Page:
Founded in 1966 by Tony and Ida Lujan Isaacs, Indian House has a reputation as a label committed to respectful, selective, high-quality recordings of traditional American Indian music. Exceptional performances combined with informative liner notes are the hallmarks of Indian House recordings.
In 1954 Tony made his first field recording of Oglala Lakota singers at the Flagstaff Powwow in Arizona. Over the next 12 years, he recorded several thousand traditional songs from tribes in Oklahoma, Kansas, South Dakota, Montana, Oregon, and California. In 1966, with more than a decade's experience studying traditional American Indian composition and performance, and considerable field recording experience, Tony, along with his wife, Ida, launched Indian House. Today the Indian House collection contains over 150 carefully selected recordings. Originally issued on LP and cassette, almost all have now been released on CD.
Most Indian House recordings are made on location, outdoors, where the singing is usually performed. Tony believes in natural sound for recording traditional American Indian music. No reverberation, synthesizers, or sound effects are added to the original recording.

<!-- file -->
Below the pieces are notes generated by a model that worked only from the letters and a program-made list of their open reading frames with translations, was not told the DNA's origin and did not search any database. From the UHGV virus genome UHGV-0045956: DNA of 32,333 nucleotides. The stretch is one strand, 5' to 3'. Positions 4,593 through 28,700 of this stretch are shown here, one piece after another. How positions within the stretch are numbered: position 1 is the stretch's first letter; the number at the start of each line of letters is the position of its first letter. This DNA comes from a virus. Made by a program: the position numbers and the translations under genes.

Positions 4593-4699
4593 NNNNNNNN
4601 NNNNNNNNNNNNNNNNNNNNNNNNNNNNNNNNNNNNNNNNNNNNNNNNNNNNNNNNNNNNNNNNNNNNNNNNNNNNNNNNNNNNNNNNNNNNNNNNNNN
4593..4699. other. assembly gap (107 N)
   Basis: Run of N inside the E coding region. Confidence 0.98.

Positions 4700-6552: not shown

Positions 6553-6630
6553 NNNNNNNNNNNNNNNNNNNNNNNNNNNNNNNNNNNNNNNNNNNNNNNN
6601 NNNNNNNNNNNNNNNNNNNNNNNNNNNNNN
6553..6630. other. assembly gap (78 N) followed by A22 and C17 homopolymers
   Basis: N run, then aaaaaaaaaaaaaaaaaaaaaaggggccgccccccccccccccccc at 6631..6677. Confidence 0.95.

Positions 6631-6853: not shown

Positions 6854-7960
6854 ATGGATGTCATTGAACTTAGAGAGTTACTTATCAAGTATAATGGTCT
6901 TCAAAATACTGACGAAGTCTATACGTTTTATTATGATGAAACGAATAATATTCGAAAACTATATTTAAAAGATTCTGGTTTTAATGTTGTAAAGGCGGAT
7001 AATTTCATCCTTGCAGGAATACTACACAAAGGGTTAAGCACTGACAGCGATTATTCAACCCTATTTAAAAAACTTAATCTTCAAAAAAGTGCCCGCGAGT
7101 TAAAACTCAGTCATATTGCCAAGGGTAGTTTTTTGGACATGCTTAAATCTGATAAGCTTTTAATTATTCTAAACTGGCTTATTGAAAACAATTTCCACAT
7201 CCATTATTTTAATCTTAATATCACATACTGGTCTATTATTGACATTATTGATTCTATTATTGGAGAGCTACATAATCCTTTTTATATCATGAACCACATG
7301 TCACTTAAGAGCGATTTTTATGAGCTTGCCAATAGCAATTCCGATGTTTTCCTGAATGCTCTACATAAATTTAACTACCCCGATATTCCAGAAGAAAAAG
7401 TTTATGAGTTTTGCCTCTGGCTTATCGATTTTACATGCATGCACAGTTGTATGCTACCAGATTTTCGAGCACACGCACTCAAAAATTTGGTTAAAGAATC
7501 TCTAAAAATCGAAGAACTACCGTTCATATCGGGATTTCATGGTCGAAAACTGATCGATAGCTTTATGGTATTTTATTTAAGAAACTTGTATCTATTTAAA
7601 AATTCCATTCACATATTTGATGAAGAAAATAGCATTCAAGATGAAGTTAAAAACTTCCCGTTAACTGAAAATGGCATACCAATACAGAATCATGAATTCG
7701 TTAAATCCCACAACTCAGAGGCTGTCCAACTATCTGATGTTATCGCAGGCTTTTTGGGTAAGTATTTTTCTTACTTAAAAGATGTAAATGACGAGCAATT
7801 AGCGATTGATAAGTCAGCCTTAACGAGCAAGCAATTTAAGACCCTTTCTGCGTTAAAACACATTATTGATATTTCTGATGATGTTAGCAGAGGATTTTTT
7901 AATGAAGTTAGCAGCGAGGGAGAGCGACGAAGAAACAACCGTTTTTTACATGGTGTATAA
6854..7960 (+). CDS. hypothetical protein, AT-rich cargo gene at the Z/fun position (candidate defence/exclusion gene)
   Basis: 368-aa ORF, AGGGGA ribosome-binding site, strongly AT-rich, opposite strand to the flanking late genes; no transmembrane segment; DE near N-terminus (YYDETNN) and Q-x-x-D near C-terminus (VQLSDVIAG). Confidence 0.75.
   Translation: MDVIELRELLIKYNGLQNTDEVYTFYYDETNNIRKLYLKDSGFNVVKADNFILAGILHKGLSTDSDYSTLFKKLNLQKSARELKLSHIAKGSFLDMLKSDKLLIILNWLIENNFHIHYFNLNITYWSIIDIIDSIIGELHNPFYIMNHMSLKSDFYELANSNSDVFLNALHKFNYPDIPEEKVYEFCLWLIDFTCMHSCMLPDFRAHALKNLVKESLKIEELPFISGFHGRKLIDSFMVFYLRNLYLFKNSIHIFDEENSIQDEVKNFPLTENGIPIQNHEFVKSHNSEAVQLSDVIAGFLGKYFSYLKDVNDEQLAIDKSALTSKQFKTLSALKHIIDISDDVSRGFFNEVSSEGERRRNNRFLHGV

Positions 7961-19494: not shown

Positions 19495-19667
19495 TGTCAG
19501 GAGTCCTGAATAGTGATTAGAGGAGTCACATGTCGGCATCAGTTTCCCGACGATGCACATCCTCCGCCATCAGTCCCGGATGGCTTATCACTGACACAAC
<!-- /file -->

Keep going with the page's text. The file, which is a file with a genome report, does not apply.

In contrast to the commonly heard "sampler" approach, with many different song styles sung by many different groups, most Indian House recordings feature one type of song, performed by one group, so as to present an in-depth, coherent musical performance. "When you hear an album of ten Navajo Yeibichei songs, one after the other, you begin to learn something about Yeibichei singing," says Isaacs. "On a sampler album with one Yeibichei song, you learn only that it is different than the other types of songs."
Indian House does not record the "fusion" or "world beat" music which has become popular in the past few years. "There are two ways to get Indian music out to the world audience," says Isaacs. "One way is to modernize the music to make it accessible to people with non-traditional ears. The other way is to encourage people to improve their ears and come over to where the music is. Traditional American Indian music is good just the way it is. It doesn't need to be mixed with anything. For the people who want it, it's here, but they have to make the trip." For those willing to make the trip, Indian House has some exceptional music waiting for them.
For more about Indian House, please see Musical Mission by Danita Ross in New Mexico Magazine, August, 1992.